The effects of prenatal smoke exposure on language development- a systematic review

Jessica Peixinho, Umar Toseeb, Hayley S Mountford, Isabel Bermudez , Dianne F Newbury

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The negative health effects cigarette smoking during pregnancy (SDP) on the foetus are well known. Despite previous reports of poor cognitive performance in offspring exposed to SDP, few studies specifically consider language outcomes according to maternal smoking. In this study, we systematically review the literature to assess the relationships between SDP and child language. Of the 14 studies reviewed, 13 (93%) reported significant associations between maternal smoking or exposure and language outcomes. Despite this consistent association, only 8 of the 13 studies reporting associations (62%) concluded direct relationships between exposure and outcome. The remaining studies suggested that the relationship between smoking and language could be explained by factors such as maternal IQ, socioeconomic status (SES) and parental age. Future studies should apply careful study designs allowing for confounding factors across child, parental, environmental and genetic influences. Our review suggests that smoking cessation is likely to positively affect child language outcomes.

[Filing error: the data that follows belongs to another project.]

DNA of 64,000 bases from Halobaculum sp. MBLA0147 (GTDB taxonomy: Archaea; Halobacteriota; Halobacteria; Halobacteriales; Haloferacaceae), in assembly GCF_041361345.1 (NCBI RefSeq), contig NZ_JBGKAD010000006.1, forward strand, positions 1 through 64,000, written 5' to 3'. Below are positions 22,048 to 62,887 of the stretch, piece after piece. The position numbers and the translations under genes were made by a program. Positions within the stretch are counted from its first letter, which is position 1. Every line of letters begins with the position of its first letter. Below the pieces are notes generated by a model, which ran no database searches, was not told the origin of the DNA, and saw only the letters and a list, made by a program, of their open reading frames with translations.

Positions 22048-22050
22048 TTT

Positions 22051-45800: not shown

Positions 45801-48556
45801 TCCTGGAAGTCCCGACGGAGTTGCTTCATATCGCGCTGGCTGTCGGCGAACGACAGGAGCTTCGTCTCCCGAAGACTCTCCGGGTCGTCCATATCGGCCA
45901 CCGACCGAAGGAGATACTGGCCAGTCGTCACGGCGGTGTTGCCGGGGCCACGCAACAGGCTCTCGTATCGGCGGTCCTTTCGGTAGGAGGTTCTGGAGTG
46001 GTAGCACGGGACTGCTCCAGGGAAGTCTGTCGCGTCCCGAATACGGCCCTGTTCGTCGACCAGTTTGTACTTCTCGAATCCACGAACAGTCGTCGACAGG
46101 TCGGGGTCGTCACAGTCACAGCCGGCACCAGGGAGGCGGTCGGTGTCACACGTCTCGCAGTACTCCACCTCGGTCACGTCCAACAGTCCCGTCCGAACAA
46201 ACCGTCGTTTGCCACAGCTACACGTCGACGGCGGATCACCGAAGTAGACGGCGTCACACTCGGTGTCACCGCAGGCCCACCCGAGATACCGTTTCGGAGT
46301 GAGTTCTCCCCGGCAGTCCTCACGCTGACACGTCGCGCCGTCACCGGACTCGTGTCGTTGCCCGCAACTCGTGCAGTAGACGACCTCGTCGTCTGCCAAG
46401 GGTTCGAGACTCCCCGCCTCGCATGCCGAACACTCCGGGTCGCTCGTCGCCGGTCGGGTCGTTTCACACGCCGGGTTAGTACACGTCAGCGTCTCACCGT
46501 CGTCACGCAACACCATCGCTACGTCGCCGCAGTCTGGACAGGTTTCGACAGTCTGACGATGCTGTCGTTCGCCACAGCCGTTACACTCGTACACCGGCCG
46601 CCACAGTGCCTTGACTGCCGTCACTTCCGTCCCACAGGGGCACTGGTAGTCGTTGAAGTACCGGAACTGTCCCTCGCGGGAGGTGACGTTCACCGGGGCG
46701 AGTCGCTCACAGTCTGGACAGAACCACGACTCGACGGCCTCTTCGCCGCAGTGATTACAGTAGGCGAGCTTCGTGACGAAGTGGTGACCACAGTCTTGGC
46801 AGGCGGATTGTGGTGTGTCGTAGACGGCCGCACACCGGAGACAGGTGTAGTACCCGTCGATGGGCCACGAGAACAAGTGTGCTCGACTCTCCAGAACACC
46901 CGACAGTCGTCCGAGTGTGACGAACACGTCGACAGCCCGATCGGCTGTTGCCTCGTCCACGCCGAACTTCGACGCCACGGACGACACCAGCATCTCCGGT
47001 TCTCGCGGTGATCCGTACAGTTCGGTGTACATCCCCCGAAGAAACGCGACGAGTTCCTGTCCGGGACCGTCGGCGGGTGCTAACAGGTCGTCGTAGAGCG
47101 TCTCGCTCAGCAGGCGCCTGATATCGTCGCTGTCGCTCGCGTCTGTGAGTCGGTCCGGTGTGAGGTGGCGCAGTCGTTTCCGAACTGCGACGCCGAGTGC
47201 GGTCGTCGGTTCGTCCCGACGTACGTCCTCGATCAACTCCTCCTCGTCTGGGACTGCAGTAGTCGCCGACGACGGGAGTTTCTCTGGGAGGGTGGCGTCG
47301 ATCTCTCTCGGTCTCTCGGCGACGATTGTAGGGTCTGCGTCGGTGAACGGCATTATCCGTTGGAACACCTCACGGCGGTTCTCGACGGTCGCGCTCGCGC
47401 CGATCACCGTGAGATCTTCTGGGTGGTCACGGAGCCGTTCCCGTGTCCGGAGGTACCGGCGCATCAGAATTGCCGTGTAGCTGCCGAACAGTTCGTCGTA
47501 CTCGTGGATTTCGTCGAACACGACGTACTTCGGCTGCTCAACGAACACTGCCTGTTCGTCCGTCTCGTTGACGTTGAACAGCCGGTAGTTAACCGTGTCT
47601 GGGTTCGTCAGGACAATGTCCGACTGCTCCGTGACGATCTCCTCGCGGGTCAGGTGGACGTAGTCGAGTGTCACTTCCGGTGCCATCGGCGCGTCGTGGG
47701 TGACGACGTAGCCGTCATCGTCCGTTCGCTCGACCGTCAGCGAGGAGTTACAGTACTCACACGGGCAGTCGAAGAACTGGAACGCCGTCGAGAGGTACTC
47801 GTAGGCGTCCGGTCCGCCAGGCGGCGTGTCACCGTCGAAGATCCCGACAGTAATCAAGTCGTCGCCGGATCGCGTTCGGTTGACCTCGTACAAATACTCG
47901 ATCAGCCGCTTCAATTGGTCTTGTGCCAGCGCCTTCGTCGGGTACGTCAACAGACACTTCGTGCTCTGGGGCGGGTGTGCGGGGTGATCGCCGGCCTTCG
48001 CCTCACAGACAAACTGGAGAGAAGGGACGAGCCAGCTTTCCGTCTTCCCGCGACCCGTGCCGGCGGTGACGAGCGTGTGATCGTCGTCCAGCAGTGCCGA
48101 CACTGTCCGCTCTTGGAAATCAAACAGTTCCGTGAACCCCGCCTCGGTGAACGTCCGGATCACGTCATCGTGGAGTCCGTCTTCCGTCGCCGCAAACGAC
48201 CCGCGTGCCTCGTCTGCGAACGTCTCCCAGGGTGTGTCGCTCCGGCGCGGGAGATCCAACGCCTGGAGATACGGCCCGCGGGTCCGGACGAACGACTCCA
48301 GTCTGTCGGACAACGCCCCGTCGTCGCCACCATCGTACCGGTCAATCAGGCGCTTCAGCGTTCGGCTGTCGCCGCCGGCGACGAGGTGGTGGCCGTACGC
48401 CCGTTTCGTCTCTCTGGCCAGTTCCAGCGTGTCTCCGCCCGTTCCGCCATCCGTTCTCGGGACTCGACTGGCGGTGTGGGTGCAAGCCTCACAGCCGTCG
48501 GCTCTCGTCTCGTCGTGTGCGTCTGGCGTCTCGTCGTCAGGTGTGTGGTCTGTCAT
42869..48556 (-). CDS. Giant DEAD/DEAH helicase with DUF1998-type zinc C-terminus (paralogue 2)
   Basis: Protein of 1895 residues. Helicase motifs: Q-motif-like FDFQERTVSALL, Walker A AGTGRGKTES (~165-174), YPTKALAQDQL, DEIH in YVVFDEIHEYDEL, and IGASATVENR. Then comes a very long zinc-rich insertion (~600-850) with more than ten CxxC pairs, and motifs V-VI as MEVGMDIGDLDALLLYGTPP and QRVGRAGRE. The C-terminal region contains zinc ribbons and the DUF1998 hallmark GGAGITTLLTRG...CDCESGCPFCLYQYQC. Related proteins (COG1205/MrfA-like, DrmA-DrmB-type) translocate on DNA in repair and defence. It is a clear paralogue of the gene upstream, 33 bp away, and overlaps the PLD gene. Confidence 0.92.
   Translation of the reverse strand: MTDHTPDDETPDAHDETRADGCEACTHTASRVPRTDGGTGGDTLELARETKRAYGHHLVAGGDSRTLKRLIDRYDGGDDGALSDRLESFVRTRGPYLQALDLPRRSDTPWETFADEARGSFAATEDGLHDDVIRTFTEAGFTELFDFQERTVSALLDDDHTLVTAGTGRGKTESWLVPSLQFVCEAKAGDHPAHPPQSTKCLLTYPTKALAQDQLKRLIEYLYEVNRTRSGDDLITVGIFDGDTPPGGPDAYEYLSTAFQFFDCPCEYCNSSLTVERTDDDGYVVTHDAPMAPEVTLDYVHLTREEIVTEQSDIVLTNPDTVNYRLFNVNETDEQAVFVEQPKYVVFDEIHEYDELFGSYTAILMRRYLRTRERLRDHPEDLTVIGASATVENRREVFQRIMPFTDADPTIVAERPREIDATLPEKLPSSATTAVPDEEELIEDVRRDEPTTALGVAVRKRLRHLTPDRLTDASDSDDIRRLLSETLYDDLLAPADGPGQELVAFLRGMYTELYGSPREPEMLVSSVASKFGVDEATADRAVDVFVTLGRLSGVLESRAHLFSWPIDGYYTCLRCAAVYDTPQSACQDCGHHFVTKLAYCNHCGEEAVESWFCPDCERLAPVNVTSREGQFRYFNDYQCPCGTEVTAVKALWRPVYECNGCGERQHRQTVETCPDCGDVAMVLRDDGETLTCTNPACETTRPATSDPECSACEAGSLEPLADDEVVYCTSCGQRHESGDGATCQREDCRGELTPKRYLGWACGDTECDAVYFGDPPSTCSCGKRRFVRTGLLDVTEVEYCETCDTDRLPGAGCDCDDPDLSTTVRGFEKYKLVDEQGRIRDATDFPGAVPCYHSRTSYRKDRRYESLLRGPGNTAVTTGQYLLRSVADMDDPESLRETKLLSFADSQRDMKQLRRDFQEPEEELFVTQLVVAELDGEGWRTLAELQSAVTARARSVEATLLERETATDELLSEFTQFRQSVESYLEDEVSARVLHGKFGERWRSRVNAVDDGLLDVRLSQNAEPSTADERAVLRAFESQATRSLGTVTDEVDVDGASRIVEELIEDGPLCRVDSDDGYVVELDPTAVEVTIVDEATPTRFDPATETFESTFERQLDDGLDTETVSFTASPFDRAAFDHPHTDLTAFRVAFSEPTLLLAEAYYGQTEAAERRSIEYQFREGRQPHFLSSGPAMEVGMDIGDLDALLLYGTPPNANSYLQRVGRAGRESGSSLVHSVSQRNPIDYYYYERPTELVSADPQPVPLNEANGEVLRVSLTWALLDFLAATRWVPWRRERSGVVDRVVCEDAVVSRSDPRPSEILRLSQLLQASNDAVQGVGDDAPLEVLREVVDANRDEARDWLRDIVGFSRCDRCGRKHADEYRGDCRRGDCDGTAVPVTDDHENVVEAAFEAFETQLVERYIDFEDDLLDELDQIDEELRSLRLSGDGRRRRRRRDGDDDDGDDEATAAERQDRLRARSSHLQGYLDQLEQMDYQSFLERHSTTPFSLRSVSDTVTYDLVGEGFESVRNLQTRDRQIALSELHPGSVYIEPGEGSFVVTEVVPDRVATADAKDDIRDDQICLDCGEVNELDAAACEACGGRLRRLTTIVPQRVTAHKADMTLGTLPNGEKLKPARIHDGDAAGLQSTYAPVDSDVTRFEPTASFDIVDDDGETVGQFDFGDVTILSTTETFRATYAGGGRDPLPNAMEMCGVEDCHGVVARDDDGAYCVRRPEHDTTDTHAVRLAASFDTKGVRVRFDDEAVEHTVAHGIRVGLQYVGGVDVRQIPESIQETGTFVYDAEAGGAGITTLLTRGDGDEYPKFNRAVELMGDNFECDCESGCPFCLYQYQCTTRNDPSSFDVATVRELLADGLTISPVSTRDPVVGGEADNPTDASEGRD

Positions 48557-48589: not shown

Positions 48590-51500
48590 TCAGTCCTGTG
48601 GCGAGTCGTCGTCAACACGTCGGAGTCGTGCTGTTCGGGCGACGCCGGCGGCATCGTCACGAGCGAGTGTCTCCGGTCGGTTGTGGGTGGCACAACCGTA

Original languageEnglish
Article numbere2331
Number of pages26
JournalInfant and child development
Issue number4
Early online date6 May 2022
Publication statusE-pub ahead of print - 6 May 2022

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© 2022 The Authors.

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